In the past decades of the 20th Century new theories developed in the geoscience community which represent a synthesis of Lyell's Uniformitarism and Gradualism combined with a revival of Cuvier's Catastrophism, recognizing that both play a significant role in geological processes and the evolution of life. Theories such as the actualistic catastrophism (Hsü, 1983), the punctualism (Gould and Elderedge, 1977; Gould, 1984; Goodwin and Anderson, 1985), and the episodic sedimentation (Dott, 1983), are fundamented on the assumption that most of the stratigraphic record was produced during episodic events, and that abrupt environmental changes have modulated speciation and mass extinctions (e.g. Signor and Lipps, 1982; Flessa, 1986; Hallam, 1989a, b). Major catastrophic events, such as extraterrestrial impacts (e.g. Alvarez et al., 1980; McLaren and Goodfellow, 1990; Becker et al., 2001) and cataclysmic volcanic activity (e.g. McLean, 1985; Courtillot, 2000; Wignall, 2001) are also thought to have greatly affected the evolution of life on Earth. In 1982, G. Einsele and A. Seilacher discussed extensively the processes of cyclic and event sedimentation, introducing the principles of what would be later known as Event Stratigraphy (e.g. Kauffman, 1987, 1988; Walliser, 1996; Einsele, 1998). The method deals with the integrated study of episodic and short-term sedimentary and biotic processes in the stratigraphic record, and has the potential to improve substantially the resolution of geological correlations. Rhythmic stratigraphic cycles observed in pelagic siliciclastic and carbonate sequences have been related to the so-called "Milankovitch cycles", after the Serbian astrophysicist Milutin Milankovitch (1879–1958) who in 1941 presented a firm mathematical basis that related periodic variations in Earth's rotational and orbital motions (eccentricity, obliquity, precession) to long-term climate changes. However, the hypothesis of astronomically forced climate cycles was advanced already in the 19th Century to the Pleistocene ice ages by the French mathematician Alphonse Joseph Adhémar (1797–1862), in his work Les Revolutions de la mer (1842), and by the Scottish geologist James Croll (1821–1890), who in the 1860's and '70s proposed an Astronomical Theory of the Ice Ages,subsequently published in his Climate and Time (1875) and Climate and Cosmology (1885). These orbital-forced cycles control the intensity of seasonal and latitudinal distribution of solar radiation (insolation) reaching the planet's surface, and directly influence global climate, depositional processes and biotic productivity (e.g. Fischer and Arthur, 1977; Bottjer et al., 1986; Fischer, 1986, 1991; Schwarzacher, 1987; Fischer and Bottjer, 1991; Weedon, 1993; Satterley, 1996; Perlmutter et al., 1998). The detailed investigation of regular cyclic patterns in the stratigraphic record produced by the interaction of tectonic and Milankovitchtype climatic processes is the study of a new branch of stratigraphy named Cyclostratigraphy (Schwarzacher, 1993; Fischer, 1993, 1995; Gale, 1998). The method allows a way for estimating the time span of biozones and the magnitude of unconformities, improvement of the stratigraphic framework, and for a better understanding of sedimentary and climatic processes (e.g. Perlmutter and Matthews, 1989, 1992). For instance, the modern Neogene timescale now depends on precise orbital tuning of marine and continental cyclic sequences,and evolved into an astronomically tuned (polarity) timescale (APTS), which proved to be far more precise and accurate (e.g. Hilgen, 1991a, b; Wilson, 1993; Shackleton et al., 1995; Hilgen et al., 1995; Zachariasse, 1999).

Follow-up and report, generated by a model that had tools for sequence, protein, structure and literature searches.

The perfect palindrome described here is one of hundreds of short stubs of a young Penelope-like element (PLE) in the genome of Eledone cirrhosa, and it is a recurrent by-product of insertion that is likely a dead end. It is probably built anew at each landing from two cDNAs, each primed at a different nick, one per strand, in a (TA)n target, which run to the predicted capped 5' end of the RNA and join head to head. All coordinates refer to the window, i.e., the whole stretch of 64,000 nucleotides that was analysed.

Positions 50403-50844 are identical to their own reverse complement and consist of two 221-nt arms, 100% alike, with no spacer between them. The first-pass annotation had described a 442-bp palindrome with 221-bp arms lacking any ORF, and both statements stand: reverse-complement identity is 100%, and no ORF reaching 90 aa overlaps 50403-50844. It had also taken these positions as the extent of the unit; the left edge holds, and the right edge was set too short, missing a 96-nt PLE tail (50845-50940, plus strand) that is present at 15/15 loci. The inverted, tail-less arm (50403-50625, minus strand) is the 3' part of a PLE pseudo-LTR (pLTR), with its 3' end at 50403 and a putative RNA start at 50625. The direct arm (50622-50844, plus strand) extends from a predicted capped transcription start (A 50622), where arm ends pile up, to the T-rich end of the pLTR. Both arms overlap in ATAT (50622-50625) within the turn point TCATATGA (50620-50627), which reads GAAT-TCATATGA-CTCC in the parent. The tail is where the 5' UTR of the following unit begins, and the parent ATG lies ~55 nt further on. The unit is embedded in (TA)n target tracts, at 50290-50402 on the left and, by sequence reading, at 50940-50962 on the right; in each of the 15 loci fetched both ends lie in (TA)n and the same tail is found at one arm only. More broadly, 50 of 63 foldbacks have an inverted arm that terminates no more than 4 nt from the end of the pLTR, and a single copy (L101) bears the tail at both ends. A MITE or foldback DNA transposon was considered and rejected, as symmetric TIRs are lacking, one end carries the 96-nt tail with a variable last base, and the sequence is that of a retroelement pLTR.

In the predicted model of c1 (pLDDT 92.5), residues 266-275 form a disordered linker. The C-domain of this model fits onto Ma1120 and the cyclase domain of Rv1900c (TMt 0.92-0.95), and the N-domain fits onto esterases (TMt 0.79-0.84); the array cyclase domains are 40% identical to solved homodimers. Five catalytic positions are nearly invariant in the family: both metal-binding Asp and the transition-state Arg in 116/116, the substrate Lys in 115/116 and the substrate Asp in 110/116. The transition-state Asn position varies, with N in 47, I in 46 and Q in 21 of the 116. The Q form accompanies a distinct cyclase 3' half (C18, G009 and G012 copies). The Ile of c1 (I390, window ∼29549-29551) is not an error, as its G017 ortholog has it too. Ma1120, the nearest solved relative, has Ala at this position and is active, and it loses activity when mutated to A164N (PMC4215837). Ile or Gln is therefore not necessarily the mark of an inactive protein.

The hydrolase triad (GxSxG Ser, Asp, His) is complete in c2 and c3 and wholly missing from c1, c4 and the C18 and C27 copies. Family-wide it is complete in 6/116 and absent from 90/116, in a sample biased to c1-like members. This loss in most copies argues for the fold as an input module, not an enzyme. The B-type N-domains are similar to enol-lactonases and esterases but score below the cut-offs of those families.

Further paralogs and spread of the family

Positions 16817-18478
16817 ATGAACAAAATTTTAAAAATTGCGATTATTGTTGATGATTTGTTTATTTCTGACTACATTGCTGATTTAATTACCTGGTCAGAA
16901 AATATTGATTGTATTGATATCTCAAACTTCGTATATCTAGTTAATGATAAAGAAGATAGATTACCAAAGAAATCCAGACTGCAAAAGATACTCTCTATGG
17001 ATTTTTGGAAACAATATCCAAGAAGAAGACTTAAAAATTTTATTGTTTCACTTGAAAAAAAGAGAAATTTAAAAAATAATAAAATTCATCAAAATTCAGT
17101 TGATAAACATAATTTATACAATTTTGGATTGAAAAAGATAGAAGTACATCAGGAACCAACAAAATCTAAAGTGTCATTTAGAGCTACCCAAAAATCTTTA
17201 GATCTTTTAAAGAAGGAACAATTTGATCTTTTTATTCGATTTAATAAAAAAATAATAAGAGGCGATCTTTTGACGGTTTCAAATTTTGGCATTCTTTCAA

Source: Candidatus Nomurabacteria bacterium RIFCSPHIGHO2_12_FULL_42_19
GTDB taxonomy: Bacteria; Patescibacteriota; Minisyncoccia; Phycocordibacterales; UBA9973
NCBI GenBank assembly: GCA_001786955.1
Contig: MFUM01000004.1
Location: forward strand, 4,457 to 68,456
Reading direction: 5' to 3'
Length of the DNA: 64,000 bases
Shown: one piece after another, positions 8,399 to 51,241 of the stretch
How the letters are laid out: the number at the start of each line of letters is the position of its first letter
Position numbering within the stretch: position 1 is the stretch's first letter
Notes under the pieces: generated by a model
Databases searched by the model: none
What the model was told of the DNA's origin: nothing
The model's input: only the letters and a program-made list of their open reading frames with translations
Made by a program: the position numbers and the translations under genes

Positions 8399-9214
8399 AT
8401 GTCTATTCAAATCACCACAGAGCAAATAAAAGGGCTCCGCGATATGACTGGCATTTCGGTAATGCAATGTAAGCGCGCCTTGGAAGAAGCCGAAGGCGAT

Chemostratigraphy is a relatively new technique, developed mainly during the last decade (e.g. Humphreys et al., 1991; Ehrenberg and Siring, 1992; Pearce and Jarvis, 1992,1995; Racey et al.,1995; Pearce et al.,1999). It uses the primary geochemical variation in the whole-rock elemental composition of siliciclastic sediments and sedimentary rocks to correlate stratigraphic sequences,as well as to gather inferences on basin paleotectonic history, source rock lithologies,depositional pathways,and paleoclimates.

Isotope Stratigraphy (Sr, C, O)

Over the last decade there have been a substantial number of works concerned with defining the Sr isotopic evolution of the oceans during the Jurassic, Cretaceous and Cenozoic (see Hess et al., 1986, and McArthur, 1998, for a review). Such a highresolution Sr-isotope curve can be used as a global correlation tool and, over some intervals, have a stratigraphic resolution superior to that of biostratigraphy. Recent research on isotope stratigraphy has also been forefront in defining and refining carbon- and oxygen-isotope curves for the Mesozoic and Cenozoic, based on the analysis of carbonate rocks and fossils and of terrestrial organic matter (e.g. Holser, 1984; Faure, 1986; Shackleton, 1985; Holser and Margaritz, 1989). The oxygen-isotope curve has been primarily used for estimating the Cenozoic record of water-mass temperatures (e.g. Frakes et al., 1992; McCauley and DePaolo, 1997). When of characteristic shape and form,the carbon-isotope curve can be used for intercontinental correlation (e.g. for sections across the Cenomanian–Turonian boundary; Kuhnt et al., 1990; Gale et al., 1993; Pratt et al., 1994), as well as to allow inferences on patterns of the long-term organic carbon cycle (e.g. Scholle and Arthur, 1980; Arthuret al.,1985),and hence to indicate important periods of petroleum source-rock deposition.